Because Plaintiff argues that the ALJ incorrectly determined Plaintiff's credibility, failed to afford the opinion of Plaintiff's treating physician controlling weight and erred in determining that Plaintiff could perform jobs existing in significant numbers in the national economy, Plaintiff's education and work history, medical history, function reports, state agency physicians' opinions, Plaintiff's testimony and vocational expert ("VE") testimony are summarized below.

A. Education and Work History

Plaintiff was 47 years old when she applied for DIB and SSI. (R. at 20, 35.) Plaintiff graduated from high school. (R. at 35-365, 468.) Plaintiff never a held driver's license and she previously worked as a packer. (R. at 36, 295.)

B. Medical Records

1. Boydton Medical Center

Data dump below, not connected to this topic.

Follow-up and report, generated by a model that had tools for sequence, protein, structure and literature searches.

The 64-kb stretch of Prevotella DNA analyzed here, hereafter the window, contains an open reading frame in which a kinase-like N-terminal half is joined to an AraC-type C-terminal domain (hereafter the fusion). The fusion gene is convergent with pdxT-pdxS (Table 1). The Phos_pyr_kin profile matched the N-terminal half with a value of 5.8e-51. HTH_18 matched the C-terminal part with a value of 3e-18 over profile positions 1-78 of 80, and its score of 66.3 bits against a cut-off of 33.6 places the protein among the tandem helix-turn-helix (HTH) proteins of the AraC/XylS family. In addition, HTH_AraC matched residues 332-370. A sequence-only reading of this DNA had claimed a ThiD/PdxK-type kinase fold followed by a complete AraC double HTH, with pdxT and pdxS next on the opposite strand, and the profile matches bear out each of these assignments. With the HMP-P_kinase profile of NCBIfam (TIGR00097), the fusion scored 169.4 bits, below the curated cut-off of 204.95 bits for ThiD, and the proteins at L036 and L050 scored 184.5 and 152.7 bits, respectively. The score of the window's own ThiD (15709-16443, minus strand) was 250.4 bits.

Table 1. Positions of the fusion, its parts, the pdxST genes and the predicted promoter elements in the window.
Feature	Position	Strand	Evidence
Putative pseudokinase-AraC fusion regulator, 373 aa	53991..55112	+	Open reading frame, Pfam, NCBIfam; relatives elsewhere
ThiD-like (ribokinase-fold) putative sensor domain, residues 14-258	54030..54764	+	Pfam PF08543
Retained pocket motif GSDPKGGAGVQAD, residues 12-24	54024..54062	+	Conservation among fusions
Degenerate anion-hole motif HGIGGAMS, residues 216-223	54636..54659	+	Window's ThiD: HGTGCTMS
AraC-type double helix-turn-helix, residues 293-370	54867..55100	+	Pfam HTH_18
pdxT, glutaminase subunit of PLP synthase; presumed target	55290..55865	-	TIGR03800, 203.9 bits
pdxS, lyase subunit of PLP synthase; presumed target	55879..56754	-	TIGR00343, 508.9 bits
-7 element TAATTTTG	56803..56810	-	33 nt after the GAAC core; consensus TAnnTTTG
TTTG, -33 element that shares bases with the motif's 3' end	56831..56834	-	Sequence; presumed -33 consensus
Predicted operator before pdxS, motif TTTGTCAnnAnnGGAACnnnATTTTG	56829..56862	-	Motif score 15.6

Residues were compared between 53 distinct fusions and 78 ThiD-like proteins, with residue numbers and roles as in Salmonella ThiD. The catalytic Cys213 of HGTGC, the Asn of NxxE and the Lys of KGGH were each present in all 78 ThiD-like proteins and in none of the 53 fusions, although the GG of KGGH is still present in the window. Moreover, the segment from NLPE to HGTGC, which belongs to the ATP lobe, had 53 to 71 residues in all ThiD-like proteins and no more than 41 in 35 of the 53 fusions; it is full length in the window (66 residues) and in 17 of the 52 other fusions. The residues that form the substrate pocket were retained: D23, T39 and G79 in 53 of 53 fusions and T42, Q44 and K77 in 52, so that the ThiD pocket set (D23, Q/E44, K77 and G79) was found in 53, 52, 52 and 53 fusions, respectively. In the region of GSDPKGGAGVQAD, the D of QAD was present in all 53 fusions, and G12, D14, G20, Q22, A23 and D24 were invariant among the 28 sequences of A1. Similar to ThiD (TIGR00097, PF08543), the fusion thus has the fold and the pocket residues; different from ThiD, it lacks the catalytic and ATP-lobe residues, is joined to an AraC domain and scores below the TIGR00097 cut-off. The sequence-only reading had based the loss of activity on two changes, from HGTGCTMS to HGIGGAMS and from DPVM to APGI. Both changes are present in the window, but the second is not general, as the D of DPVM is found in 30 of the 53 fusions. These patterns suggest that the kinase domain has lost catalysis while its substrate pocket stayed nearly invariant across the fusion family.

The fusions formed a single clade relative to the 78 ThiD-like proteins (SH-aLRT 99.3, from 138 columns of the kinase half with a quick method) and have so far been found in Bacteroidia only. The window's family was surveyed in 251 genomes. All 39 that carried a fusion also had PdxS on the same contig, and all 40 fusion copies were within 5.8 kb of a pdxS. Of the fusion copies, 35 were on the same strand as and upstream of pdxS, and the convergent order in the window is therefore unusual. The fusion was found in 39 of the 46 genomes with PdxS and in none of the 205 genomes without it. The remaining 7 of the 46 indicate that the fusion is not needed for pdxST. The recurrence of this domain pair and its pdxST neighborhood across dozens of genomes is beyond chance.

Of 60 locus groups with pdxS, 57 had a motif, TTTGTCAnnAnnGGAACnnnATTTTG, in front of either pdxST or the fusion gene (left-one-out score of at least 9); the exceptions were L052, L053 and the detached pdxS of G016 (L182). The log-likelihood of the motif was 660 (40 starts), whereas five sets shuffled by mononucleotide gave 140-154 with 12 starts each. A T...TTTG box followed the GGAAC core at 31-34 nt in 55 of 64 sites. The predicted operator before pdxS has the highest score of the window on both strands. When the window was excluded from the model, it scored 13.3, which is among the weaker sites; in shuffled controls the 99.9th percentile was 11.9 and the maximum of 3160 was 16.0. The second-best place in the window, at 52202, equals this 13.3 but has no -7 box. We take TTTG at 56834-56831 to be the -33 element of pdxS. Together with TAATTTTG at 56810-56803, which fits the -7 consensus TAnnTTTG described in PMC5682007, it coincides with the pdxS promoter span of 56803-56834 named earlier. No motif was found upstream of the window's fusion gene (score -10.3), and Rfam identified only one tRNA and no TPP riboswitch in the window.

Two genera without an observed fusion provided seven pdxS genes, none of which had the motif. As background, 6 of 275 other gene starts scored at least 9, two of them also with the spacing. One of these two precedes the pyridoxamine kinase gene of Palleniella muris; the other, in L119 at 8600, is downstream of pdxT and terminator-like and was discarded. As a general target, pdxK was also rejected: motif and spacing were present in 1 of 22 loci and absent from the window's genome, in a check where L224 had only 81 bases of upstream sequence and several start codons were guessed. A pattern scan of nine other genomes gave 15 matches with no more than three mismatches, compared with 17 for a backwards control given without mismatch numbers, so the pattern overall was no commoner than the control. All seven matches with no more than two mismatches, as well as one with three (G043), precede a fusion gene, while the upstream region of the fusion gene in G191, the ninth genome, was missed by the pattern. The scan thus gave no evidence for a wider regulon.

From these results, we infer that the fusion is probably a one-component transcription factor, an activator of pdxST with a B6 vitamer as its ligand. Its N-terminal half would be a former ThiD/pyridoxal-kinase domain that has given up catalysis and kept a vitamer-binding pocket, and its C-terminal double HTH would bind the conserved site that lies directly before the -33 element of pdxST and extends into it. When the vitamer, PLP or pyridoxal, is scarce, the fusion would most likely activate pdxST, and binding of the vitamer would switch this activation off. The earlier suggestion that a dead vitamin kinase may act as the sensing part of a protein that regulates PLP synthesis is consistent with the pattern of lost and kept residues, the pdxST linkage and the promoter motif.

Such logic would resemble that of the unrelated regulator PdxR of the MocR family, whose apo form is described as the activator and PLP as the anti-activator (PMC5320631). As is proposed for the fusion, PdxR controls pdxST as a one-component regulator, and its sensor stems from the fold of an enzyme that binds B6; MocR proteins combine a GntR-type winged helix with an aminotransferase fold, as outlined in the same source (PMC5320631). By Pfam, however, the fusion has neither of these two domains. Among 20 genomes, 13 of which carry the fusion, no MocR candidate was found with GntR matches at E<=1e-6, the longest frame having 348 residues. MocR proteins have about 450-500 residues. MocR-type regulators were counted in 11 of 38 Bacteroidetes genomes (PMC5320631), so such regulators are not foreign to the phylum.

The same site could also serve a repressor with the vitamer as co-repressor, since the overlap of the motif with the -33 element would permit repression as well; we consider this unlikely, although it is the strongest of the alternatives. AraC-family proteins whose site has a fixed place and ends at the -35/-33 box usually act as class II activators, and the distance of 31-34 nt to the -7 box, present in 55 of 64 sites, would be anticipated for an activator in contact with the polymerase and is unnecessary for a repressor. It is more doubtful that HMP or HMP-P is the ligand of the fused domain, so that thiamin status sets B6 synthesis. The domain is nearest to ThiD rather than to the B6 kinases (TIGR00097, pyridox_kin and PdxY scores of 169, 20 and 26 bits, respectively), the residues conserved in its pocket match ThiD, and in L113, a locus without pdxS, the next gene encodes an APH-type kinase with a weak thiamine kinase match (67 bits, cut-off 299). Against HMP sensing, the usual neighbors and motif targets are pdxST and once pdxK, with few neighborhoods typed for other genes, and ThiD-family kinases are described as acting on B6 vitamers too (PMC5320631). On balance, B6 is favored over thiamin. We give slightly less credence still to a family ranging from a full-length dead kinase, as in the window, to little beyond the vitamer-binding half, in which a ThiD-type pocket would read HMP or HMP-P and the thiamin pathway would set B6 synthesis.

On January 5, 2009, Plaintiff saw Rachel I. Huot, M.D. at Boydton Medical Center, complaining of pain in both of her shoulders, extending all the way down her left side. (R. at 944.) A physical examination revealed tightness in Plaintiff's trapezius muscles as well as tenderness and decreased range of motion in her spine; however, Plaintiff had no clubbing or edema in her extremities. (R. at 945.) Dr. Huot diagnosed Plaintiff with high cholesterol, essential hypertension and vitamin D deficiency. (R. at 945.)

On February 5, 2009, Plaintiff returned with complaints of depression and "always hurting somewhere." (R. at 946.) Dr. Huot diagnosed Plaintiff with depression and prescribed medication for hypercholesterolemia, fibromyalgia, hypertension and depression. (R. at 947.) On March 22, 2010, Plaintiff complained of problems with her right foot, left ankle, left knee and left hip. (R. at 1030.) The report indicated that Plaintiff did not take her antidepression medication, because it reacted poorly with her other medications. (R. at 1030.) Dr. Huot diagnosed Plaintiff with "pain in limb" and restless leg syndrome. (R. at 1031.)